Straight from the horse's mouth: New elective wins kudos from med students

Sharon North-Pohl

Second-year medical student Katalin Szabo examines a horse named Apache for telling signals of discomfort.

It's hard to ignore a patient who weighs 1,200 pounds, stands 7 feet tall and won't hesitate to nip you if she doesn't like what you're doing.

But those attributes are precisely why medical students can benefit from working with horses, according to the philosophy behind a new elective course at the medical school, "Medicine and horses: A communications model for the doctor-patient relationship." Not intended for veterinary students, it's geared toward making medical students more conscious of how they come across when interacting with others.

For many people, the idea of horses helping medical students hone their communication skills might conjure up images of Mr. Ed, the "talking" horse of TV fame, the bangs of his palomino mane flopping around as he tossed his head while lip-syncing to the soundtrack. But Mr. Ed would have no place in this class, as horses who can't speak the language are preferred: The point is to improve nonverbal communication.

Still, why don't the students just stick to human beings?

"Animals in general respond to people in ways that are so transparent and honest," said Sam LeBaron, MD, PhD, professor of medicine and director of the Center for Education in Family and Community Medicine. "They hold up a mirror for students that they may not get from human patients."

Beverley Kane, MD, added that just because patients can talk doesn't mean they will. "Human patients don't always tell you what's on their mind," she explained. "We've all been socialized into hiding our feelings and reactions, especially from somebody in a white coat. Horses will tell you in no uncertain terms how you're affecting them—if you pay attention to the right signals."

Kane is the head instructor of the class, which she previously taught at UC-San Francisco. Her class is modeled on a class at the University of Arizona medical school that has been taught for five years. Evaluations of UA medical students showed that the class improved their patient interaction skills.

On a recent, sunny afternoon, several of the six Stanford students who took the course last spring reconvened at a dusty horse corral in Portola Valley for an additional lesson. Diana Wertz and Katalin Szabo, both second-year medical students, said they decided to take the class in part due to feedback they got from exercises in another class where actors played the roles of patients. "One patient said I made him nervous with my lack of confidence with the equipment," said Wertz. Szabo said her "patients" commented that she was too focused on going down the checklist of medical tasks to be done and didn't pay enough attention to them.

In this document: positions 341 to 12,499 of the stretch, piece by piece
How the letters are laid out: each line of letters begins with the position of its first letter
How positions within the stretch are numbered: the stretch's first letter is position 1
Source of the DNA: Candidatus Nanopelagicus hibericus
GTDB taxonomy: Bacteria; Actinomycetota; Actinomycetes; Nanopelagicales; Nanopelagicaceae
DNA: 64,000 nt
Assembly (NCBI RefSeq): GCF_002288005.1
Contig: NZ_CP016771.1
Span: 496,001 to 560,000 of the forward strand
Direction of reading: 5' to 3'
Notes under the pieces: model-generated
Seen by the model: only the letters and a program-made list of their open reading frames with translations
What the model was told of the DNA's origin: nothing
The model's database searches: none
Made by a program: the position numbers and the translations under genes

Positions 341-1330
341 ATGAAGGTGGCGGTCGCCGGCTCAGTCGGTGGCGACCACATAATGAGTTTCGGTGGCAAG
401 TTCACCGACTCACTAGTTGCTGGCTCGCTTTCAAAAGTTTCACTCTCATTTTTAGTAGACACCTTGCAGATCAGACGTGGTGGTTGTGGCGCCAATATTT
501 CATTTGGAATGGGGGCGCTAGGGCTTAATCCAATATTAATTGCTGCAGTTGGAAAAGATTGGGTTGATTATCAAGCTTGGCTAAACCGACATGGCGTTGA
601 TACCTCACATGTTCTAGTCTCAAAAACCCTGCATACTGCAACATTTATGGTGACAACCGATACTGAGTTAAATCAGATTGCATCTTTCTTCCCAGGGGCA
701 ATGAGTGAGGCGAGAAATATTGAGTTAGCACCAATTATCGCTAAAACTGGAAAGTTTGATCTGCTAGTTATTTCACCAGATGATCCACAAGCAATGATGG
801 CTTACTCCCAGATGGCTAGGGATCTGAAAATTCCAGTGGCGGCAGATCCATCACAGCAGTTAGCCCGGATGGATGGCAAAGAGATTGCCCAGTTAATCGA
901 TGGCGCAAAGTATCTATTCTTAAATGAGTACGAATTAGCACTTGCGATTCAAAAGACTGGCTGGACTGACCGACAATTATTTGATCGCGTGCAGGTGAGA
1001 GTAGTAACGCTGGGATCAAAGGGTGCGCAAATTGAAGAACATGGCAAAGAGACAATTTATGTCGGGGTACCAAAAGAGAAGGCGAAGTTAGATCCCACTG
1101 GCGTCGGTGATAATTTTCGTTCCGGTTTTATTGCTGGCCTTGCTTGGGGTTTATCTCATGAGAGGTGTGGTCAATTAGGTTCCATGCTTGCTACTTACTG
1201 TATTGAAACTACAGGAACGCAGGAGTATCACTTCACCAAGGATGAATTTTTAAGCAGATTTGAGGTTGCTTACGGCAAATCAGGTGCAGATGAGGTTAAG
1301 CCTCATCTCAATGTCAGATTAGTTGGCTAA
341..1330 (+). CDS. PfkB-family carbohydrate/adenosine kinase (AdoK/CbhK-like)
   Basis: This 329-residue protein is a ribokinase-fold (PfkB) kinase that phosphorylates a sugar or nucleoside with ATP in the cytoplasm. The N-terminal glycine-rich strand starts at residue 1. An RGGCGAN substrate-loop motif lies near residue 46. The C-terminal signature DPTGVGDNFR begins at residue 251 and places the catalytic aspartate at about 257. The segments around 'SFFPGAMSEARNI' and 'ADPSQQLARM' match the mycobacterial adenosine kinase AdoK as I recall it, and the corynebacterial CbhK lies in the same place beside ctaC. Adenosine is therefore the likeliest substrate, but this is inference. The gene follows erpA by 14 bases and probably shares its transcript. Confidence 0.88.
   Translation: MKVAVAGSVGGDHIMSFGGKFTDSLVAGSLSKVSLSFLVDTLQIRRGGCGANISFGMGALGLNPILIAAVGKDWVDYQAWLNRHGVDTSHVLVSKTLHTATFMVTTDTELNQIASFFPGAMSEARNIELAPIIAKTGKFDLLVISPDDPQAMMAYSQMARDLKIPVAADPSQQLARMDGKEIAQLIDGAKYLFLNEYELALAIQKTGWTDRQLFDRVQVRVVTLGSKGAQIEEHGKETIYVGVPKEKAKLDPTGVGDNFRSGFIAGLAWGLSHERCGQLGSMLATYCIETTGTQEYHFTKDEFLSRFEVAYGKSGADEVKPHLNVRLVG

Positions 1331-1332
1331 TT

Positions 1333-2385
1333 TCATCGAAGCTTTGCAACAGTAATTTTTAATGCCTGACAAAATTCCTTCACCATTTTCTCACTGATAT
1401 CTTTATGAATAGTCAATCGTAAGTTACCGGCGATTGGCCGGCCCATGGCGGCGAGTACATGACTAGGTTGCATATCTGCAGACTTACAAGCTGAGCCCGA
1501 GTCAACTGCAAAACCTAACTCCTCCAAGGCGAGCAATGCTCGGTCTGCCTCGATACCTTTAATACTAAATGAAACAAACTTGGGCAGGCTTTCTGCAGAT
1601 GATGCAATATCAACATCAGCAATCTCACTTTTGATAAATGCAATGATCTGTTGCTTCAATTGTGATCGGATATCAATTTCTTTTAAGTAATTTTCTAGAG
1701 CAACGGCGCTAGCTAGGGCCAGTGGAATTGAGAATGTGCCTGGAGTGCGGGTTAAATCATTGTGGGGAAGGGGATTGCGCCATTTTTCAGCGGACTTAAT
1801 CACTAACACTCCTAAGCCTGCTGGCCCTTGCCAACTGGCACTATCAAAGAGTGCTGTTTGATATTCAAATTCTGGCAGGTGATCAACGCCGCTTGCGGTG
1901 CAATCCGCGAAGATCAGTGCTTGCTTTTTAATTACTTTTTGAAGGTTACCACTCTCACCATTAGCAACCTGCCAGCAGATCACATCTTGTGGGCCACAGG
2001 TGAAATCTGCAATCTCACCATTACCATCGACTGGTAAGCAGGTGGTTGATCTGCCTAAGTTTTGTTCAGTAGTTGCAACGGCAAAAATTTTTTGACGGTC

During every class, the students encounter a new horse, so just like a doctor with a new patient, the first task is always the introduction. This day, the next task was to listen to the heartbeat. Kane said a common complaint is that doctors come at patients with a cold stethoscope, without taking time to establish rapport. Instructor Lucia Mokres, DVM, demonstrated how to avoid that complaint from a horse and then the students tried.

Szabo, with her hand on the horse's side, gently applied the stethoscope, sliding it down to the belly, behind the foreleg, to the heart. After a few moments, she said she could hear the heart as well as a good amount of "digestive rumbling." But the real measure of success was her patient's calm—no ears laid back, no fidgeting, no walking away.

Kane said different exercises focus on different aspects of the various situations doctors encounter. Some are designed to help them sort out whether they're more comfortable in a leadership role or being directed by someone else. Others bring up the issues encountered in trying to set boundaries: Maintaining a degree of distance from a patient while still being empathetic and understanding.

"I became a lot more conscious of how I behaved in certain situations," said fifth-year medical student Tracy Dooley. "What my body language would be telling a patient, or in this case what it was communicating to the horses, as opposed to verbal signals."

But the class is about more than just making students aware of how their behavior affects a patient. Many medical students who don't have experience dealing with horses are intimidated when they have to approach such a large animal, which LeBaron said is another thing of which doctors need to be aware. "We want to become more mindful, as doctors, how we behave when we feel a little stressed or a little intimidated," LeBaron said. "That's something that virtually is never talked about, and the truth is doctors are as human as anybody else."

Last spring was the first time the course was offered at the medical school, but LeBaron, Kane and the students, would like to see the class continue. It's an elective and is completely supported by donations, so the future isn't guaranteed. Still, all are hopeful that funding can be found to continue it.